Anyway, what Summers said is mostly good advice. To Society Hill and Wash West I would also add Old City (north of Market St). Old City south of Market can get rowdy on the weekends but north of Market is fairly tame.

Just north of Old City is Northern Liberties - you might also find places of interest (and off-street parking). Just south of Society Hill/Wash West is Queen Village/Bella Vista.

This is all if you want to be a 5-20 minute walk to work.

You can really live anywhere between Girard and Washington and be able to get work in ~20 minutes by bus or subway. To that I would even add Pennsport and Passyunk Square. I commuted from Passyunk Square to 5th & Chestnut for 4 years. It's a 10 minute bike ride or a 20 minute subway ride.

Don't expect hi-rise apts. to come with parking. Most hi-rise apartments are in older buildings that don't have parking and the newer buildings that do have parking have expensive rents and the parking doesn't come with the unit - it's extra.

If you're really that into your cars Collingswood, NJ might be a good idea. It's a 12 minute subway ride to 8th & Market and off street parking is common.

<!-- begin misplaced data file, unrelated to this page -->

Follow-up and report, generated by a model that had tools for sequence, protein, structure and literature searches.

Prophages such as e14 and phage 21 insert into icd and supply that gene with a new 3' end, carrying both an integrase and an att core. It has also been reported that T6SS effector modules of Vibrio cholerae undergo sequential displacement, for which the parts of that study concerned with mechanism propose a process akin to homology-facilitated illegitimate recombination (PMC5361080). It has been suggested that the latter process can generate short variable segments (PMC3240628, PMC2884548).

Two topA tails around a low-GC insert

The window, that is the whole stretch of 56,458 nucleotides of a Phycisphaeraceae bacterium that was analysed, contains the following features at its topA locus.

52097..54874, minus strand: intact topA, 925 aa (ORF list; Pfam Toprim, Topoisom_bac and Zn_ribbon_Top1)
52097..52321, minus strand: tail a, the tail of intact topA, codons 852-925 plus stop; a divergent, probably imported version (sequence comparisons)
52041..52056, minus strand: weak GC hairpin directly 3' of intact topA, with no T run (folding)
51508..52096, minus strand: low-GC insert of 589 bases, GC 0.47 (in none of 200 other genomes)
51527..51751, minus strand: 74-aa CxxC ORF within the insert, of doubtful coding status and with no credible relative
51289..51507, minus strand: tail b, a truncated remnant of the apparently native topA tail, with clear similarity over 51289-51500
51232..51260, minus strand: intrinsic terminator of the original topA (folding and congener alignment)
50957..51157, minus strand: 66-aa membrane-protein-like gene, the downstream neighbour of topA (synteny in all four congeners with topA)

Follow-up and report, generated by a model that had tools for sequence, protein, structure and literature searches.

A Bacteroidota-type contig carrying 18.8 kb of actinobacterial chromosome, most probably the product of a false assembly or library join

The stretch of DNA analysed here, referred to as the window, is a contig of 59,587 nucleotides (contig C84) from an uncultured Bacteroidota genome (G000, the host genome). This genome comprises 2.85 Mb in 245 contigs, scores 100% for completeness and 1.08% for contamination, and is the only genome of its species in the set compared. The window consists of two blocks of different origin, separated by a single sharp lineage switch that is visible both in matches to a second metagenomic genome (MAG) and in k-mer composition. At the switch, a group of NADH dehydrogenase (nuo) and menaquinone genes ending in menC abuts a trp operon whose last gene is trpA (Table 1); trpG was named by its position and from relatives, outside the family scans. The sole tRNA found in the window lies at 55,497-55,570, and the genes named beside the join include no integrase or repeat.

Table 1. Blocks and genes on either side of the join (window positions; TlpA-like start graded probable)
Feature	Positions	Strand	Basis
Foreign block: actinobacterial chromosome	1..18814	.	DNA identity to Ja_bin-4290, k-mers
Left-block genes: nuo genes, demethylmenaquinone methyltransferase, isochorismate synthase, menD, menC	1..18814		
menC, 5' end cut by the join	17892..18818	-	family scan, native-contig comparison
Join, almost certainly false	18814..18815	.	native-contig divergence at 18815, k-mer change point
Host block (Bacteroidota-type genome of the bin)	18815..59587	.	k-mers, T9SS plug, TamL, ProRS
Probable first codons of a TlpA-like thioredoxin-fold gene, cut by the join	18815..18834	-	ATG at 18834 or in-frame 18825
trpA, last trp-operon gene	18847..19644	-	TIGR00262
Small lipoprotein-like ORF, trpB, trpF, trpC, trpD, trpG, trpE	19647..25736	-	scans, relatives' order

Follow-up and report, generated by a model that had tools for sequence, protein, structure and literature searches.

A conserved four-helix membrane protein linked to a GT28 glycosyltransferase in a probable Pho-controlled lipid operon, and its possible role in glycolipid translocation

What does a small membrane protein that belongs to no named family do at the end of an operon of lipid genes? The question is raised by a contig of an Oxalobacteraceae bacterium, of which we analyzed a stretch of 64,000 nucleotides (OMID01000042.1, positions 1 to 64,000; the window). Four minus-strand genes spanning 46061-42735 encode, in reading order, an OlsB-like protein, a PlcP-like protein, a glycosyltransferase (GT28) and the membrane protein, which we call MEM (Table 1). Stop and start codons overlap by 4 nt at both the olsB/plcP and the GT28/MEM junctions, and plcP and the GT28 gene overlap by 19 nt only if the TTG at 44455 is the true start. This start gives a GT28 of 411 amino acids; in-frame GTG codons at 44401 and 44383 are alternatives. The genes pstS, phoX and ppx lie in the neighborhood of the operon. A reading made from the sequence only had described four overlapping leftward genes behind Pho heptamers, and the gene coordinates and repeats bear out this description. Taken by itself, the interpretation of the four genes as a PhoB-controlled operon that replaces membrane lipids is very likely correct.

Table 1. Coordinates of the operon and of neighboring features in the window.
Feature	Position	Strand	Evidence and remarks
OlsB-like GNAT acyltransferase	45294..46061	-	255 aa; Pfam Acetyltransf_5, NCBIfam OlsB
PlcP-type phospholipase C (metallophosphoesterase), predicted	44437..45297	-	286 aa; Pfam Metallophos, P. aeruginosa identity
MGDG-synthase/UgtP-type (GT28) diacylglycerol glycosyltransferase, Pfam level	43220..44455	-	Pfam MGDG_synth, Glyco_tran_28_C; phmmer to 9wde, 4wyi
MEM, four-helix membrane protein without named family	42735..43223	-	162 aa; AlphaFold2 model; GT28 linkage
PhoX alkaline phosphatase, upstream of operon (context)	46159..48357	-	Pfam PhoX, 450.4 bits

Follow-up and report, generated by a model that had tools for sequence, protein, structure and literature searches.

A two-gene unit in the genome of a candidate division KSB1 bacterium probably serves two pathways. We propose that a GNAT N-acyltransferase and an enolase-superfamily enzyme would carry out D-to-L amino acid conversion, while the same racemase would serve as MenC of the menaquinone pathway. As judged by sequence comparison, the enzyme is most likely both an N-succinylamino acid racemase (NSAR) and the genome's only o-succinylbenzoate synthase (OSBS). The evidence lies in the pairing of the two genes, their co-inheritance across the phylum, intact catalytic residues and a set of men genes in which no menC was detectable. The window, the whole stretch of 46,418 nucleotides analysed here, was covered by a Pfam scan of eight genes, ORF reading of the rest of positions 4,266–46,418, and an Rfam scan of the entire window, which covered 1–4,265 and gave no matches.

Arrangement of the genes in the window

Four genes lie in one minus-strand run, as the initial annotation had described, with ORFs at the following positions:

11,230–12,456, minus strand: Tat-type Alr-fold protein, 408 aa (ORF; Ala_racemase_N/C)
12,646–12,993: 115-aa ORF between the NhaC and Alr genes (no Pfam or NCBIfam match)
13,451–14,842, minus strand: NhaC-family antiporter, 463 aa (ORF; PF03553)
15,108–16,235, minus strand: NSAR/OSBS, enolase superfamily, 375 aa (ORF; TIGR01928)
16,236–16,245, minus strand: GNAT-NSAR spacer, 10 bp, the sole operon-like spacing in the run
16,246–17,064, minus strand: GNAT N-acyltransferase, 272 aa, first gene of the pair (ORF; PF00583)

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Old 07-28-2012, 04:52 PM
 
Location: Center City
6,852 posts, read 7,799,244 times
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Choosing between the jobs and cities is your first big decision. As to the jobs, I can't say. As a relatively recent transplant from Houston, a city with many similarities to Dallas, I can offer you some points to consider:

Do you want a dense, vibrant, walkable downtown offering work, living and entertainment options? Do you want the ability to live in the city with minimal (or no) use of a car? Do you want an environment with lots of brick and old style charm? Do you want easy access to other major cities, the Atlantic beaches, historic small towns and rolling countryside? Do you want four distinct seasons? Do you want nearly all of your neighbors to be fairly liberal? Do you like the Eagles? If so, choose Philly.